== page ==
By Andy Burrows [originally published September 2016]
If you are going to be successful in managing your business, you need measurement. You need facts that tell you how well you are doing and where you need to improve.
And those measures of success are much broader than just financial measures, such as profit, cash, margins, etc, however important they are.
How do you make sure that your business is heading in the right direction? How do you make sure that your strategies are working? How can you even tell if your strategies are being implemented correctly?
Is profit the only measure of success? Does profit tell you anything about whether you are achieving your vision?
Let’s say my vision was to become number 1 in a particular market. How would I know how close I was to achieving that? Not by looking at my profit in isolation.
And just asking that question leads to other useful questions that clarify what I am aiming at. For instance, what does becoming number 1 mean? Number...
By Andy Burrows
[First published July 2018; updated July 2021]
In this article I want to introduce you to a very simple tool called the “value driver tree”.
Getting business strategy right is not easy.
The definition of strategy is simple enough: “a plan of action to achieve an aspiration or overcome a problem”. And the process of arriving at the plan sounds so easy: define the objective (vision, aspiration, problem), assess the current state and therefore the gaps, and decide how to get from where you are to where you want to go.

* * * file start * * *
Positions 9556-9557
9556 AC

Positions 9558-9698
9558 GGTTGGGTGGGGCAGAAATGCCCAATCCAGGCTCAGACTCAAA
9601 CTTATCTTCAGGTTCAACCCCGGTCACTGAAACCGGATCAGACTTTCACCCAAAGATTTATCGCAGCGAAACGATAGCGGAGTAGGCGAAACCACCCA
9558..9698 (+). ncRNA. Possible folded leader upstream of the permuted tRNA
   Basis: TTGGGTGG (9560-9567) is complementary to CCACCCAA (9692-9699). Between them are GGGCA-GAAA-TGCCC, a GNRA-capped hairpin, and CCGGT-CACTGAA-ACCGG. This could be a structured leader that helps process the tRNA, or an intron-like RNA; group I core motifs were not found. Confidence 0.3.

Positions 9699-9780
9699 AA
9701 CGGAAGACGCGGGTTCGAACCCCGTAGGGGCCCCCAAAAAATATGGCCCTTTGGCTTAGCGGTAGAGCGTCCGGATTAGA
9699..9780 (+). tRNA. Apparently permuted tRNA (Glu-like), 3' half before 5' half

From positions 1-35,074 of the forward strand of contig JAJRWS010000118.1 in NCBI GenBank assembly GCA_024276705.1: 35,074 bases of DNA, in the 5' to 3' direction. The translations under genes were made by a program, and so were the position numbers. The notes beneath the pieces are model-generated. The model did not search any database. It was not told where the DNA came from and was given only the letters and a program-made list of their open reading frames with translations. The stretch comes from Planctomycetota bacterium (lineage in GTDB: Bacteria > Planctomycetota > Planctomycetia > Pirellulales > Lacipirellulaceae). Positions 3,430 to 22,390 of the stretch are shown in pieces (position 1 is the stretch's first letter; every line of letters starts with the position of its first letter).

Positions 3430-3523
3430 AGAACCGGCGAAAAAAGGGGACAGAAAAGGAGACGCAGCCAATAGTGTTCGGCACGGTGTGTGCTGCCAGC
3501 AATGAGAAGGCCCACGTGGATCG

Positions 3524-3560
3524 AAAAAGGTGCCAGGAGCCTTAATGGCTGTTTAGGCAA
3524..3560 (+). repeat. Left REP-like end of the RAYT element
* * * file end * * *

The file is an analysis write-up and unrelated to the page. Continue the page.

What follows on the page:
One of the things that makes it difficult is knowing where to start in assessing the current state. There are so many factors you could take into account. It’s sometimes difficult to see the wood for the trees.
And performance measurement has similar issues. I’ve written previously about the need to make sure you’re looking at the right performance measures – KPIs –...
This article is written by financial modelling specialist, Lance Rubin. You can find more of Lance's work at https://www.modelcitizn.com/
When I first came across the term driver based planning and forecasting I was confused.
As an ex-investment banker having joined a Finance team the concept of drivers when talking about a forecast or plan was simply assumptions.
Why was it not called just that? Assumptions! Investment bankers have been building models with assumptions ever since the first model was built and a corporate transaction was negotiated.
So what’s all the excitement about driver based planning. It’s simply a financial model with assumptions to drive decisions..no?
Why give assumptions a different name i.e. a driver, why not just call it assumption based planning?
Ultimately a plan or a forecast is a collection of assumptions both in the numbers that are input into the model but also assumptions around...
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